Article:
Imagine this headline:
“USA Government invades and exterminates all citizens of Naperville, Illinois. The citizens did not agree with the policies of the government so in an effort to keep the people in line, Men women, and children were slaughtered, leaving nothing left of Naperville. All of the assets and valuables were then collected and “donated” to the government.”
He was from Uganda, my Lyft driver.
The conversation sparked when I was loading my Nikon equipment into the back of his car to head to the Denver International Airport. We began to talk about his family and his life. He shared with me how he made the decision to come to the USA (4 years ago) and what it was like to be a Lyft driver. And with 15 min left in the trip, it got real – REAL fast.
“Why do you think there is so much hate in America?” “I don’t understand, we live in one of the best places on the planet, yet everyone is so angry with each other. Do they not see how amazing their lives are?
I said, “Tell me more.”
“In America we are free. I can go anywhere, I can make anything of myself, and I don’t wake up here wondering if today is the day I will die by others that don’t want me on the planet.
“What do you mean they don’t want you on this planet?”
If you don’t align with the way that the controlling party believes, they kill you – they kill all of us. Thousands die each year because we do not believe how they believe. I hear people complain every day driving Lyft. They complain about guns and masks, what they think they deserve and what they don’t have, but they have everything and they can’t even see it.
I knew what he was talking about. Last year I lived in 7 countries. All very different, all with counter cultures to each other as well as the USA. Of them in particular (Jordan) will always stick in my mind as I had a five-hour conversation with a very savvy and well educated local on the differences between Sunnis and Shiites. It was at that time that I realized that no amount of money or diplomatic sanctions or treaties will ever bring peace to the fight of people that have hated each other to the point of killing for 2000 years. I tried to bring this example into our conversation but I do not feel it translated well.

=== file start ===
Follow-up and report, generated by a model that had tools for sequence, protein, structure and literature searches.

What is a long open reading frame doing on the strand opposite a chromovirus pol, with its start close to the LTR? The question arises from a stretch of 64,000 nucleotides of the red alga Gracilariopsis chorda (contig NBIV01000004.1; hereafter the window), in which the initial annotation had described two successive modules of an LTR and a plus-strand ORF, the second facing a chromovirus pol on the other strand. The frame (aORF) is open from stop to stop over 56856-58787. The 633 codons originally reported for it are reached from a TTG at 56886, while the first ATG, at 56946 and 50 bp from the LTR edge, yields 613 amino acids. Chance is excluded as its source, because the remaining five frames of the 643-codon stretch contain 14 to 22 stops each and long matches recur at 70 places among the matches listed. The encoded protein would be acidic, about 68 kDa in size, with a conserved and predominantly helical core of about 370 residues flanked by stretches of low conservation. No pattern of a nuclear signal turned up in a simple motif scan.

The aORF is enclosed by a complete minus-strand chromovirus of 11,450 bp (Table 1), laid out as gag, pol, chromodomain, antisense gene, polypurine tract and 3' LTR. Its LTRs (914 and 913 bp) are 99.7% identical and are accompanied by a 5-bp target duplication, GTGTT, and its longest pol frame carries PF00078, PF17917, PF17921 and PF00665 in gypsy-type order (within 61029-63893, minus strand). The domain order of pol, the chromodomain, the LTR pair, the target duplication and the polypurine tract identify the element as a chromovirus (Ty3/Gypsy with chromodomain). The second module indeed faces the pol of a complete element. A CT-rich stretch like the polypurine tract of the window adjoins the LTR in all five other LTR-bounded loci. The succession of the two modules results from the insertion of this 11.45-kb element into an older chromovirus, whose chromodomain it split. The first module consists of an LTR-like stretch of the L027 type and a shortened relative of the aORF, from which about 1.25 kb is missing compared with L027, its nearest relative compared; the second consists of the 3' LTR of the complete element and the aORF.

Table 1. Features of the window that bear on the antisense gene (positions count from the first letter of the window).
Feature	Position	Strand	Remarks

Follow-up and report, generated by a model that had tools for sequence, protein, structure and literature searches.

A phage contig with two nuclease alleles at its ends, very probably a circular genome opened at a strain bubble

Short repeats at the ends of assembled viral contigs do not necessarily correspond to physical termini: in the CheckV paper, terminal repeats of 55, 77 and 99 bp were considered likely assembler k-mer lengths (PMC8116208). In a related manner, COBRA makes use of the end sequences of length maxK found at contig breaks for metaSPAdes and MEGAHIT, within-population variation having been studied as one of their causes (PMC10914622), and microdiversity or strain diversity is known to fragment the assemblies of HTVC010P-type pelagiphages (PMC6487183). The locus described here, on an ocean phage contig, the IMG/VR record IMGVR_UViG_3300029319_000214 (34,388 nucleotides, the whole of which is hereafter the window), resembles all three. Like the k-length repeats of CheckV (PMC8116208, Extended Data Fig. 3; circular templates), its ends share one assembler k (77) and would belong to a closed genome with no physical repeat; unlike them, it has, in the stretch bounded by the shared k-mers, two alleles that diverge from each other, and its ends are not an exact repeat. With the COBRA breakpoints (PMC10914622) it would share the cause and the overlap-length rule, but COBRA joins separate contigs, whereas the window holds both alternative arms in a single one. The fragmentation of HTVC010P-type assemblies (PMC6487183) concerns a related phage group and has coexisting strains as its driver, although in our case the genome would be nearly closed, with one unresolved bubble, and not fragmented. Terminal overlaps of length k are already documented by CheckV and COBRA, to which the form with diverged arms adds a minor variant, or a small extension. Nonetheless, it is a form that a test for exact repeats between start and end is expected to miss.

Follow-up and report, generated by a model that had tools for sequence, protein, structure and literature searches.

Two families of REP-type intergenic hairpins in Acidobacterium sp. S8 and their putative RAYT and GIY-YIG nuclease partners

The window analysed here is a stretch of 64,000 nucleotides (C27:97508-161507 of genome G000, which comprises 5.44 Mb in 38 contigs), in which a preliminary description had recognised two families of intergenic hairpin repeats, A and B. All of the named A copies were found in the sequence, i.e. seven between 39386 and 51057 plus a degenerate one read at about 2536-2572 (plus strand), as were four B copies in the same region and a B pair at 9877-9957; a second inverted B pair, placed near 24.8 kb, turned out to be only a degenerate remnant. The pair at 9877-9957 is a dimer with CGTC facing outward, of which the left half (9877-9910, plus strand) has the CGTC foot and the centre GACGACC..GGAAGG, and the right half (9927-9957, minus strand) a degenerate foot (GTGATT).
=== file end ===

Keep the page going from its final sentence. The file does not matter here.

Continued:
The children were hiding from the Lord’s Resistance Army (LRA), a murderous cult that has been fighting the Ugandan government and terrorizing civilians for nearly two decades. Led by Joseph Kony, a self-styled Christian prophet believed to be in his 40s, the LRA has captured and enslaved more than 20,000 children, most under age 13, U.N. officials say. Kony and his foot soldiers have raped many of the girls—Kony has said he is trying to create a “pure” tribal nation—and brutally forced the boys to serve as guerrilla soldiers. Aid workers have documented cases in which the LRA forced abducted children to ax or batter their own parents to death. The LRA has also killed or tortured children caught trying to escape.
“I came here and went through the process legally to be here so that I can have a chance to support my family. I see things that others do not see. It’s all a matter of perspective. Just by waking up every day and knowing that you will be able to live today is a bigger gift than you can imagine.”
I wanted the trip from downtown Denver to DIA to be longer – I was just listening to this man, and he left one more thought before I headed to security. “I see blessings around me everywhere where others just take them for granted – it’s where I find my peace, in the small things, like running water. Have a great flight.”
I was the one who found gratitude in a Lyft ride. It reminds me to keep things in perspective for 2021.